I did their ball experiment with a college group bc it was a blow off class. Basically, you have people close their eyes and imagine a ball rolling off a table and hitting the ground. You probably don’t have aphantasia if you can describe in detail the desk, the ball, and the floor itself. for example, the people I asked gave various answers for the ball size, the ball color, and even what ball they were seeing. I also asked more about the floor and table details as well and they gave similar varied but precise answers. In comparison to me, I could not really give a specific answer and had to ask myself questions to give “life” to the situation. We didn’t have much time to elaborate, but it was pretty interesting. Not really an experiment or scientific though.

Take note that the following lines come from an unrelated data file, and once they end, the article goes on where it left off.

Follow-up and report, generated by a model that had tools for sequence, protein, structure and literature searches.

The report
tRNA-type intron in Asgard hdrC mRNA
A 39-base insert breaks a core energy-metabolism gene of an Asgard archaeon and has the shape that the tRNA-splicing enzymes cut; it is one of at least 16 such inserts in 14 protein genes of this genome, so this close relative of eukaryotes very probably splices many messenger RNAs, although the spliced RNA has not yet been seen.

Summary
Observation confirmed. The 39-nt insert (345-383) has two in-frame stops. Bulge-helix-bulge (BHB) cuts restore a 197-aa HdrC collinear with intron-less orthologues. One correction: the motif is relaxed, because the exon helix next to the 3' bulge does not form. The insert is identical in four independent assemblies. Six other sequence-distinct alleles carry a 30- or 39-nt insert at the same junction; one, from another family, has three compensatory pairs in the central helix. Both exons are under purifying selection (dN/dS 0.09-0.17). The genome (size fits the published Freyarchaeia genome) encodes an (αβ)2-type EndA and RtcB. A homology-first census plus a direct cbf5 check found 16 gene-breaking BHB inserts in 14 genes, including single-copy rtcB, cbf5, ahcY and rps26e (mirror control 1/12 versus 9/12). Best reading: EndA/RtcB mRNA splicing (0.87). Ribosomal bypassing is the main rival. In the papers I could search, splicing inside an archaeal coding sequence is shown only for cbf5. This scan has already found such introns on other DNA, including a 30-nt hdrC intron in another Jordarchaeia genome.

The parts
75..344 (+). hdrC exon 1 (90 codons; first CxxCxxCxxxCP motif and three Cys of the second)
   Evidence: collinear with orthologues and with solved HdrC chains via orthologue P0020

I used to freak out about it, but now I just realize there is a possibility they asked these questions already and formed the image in their mind. Because after doing this question preparation for myself, I was able to recall from the imagined situation a similar level of detail.
I suspect a majority of people already ask themselves questions like this and they “internalize” it, or do it without thinking it. Maybe it’s real maybe it’s not but it doesn’t really hinder you. I would be more interested what conditions would foster the supposed differentiated aphantasia and “non-aphantasia” thinking. Is it different teaching frameworks? idk, but research literally barely exists and no one knows how to test it